Most respondents received PPP (Paycheck Protection Program) loans and either federal or state CARES Act funds. However, those funds were limited and only filled the gap for a few months. The SCAC requested additional funding in its proposed FY22 state budget. Platts points out that even though data from the survey shows SCAC respondents estimate needing a total infusion of $3.2 million to operate past June, the need is far greater because response rate to the survey was 32%. “We can only guess at the actual number, but creativity and culture here are facing a frightening situation,” he said. Many barriers prevent these organizations from a near-term return to pre-pandemic operating conditions that could generate self-sustaining revenue. With many sponsors and individual donors feeling effects of the pandemic, that leaves federal and state emergency funds as critical lifelines used to close the gap. Though significant majorities of respondents reported integration of digital programming, the survey showed that it is difficult to monetize. Among SCAC respondents, 75% reported at least some digital programming and 90% of GDDF respondents reported it. However, three quarters of both group’s respondents said digital programming was only able to make up, at most, 19% of their income. Cost was identified as the most significant barrier to digital programming. “The survey points to the immediate critical need to support our arts and culture organizations. We will know the non-profit sector has recovered when the arts and culture sector has recovered,” David Farren, GDDF executive director said. “These organizations and their staffs are a vital part of the quality of life and economy in our communities.  We all need to step up to ensure they are able to return, when it is safe to do so, viable and ready to serve the community.”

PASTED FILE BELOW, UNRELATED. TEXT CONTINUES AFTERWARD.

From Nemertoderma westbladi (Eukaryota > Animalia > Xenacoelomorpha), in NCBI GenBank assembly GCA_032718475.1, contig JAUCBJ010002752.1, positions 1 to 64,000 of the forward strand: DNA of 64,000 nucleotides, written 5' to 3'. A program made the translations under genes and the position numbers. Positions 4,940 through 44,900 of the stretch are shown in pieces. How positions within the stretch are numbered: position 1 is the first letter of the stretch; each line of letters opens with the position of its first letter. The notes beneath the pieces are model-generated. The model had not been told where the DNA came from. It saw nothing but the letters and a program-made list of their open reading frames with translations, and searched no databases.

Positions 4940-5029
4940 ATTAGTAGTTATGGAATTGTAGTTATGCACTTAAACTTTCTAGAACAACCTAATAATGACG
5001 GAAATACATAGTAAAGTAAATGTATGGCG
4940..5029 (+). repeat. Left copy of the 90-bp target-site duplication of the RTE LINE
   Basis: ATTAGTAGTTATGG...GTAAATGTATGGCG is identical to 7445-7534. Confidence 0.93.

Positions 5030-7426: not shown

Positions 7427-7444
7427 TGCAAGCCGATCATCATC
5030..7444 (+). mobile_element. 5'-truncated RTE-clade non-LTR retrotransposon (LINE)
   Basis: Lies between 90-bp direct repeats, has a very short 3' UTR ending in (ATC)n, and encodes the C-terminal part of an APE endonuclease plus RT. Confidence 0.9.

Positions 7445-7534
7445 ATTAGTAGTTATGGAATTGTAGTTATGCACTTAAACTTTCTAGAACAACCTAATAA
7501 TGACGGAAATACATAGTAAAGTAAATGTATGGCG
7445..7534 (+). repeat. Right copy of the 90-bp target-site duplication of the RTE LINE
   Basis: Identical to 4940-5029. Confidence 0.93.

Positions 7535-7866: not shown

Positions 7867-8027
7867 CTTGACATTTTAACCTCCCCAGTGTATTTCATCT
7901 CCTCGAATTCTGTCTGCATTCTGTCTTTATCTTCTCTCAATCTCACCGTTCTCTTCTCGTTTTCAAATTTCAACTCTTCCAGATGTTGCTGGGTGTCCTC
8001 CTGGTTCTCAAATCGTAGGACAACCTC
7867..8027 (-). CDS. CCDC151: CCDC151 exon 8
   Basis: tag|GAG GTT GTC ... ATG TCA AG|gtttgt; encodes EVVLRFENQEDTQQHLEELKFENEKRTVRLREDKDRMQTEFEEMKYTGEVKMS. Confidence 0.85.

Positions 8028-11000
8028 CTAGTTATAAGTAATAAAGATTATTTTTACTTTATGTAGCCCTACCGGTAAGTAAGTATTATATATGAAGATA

About the South Carolina Arts Commission

The mission of the South Carolina Arts Commission (SCAC) is to promote equitable access to the arts and support the cultivation of creativity in South Carolina. We envision a South Carolina where the arts are valued and all people benefit from a variety of creative experiences. A state agency created by the South Carolina General Assembly in 1967, the SCAC works to increase public participation in the arts by providing grants, direct programs, staff assistance and partnerships in three key areas: arts education, community arts development, and artist development. Headquartered in Columbia, S.C., the SCAC is fun­­­ded by the state of South Carolina, by the federal government through the National Endowment for the Arts, and other sources. Visit SouthCarolinaArts.com or call 803.734.8696, and follow @scartscomm on social media.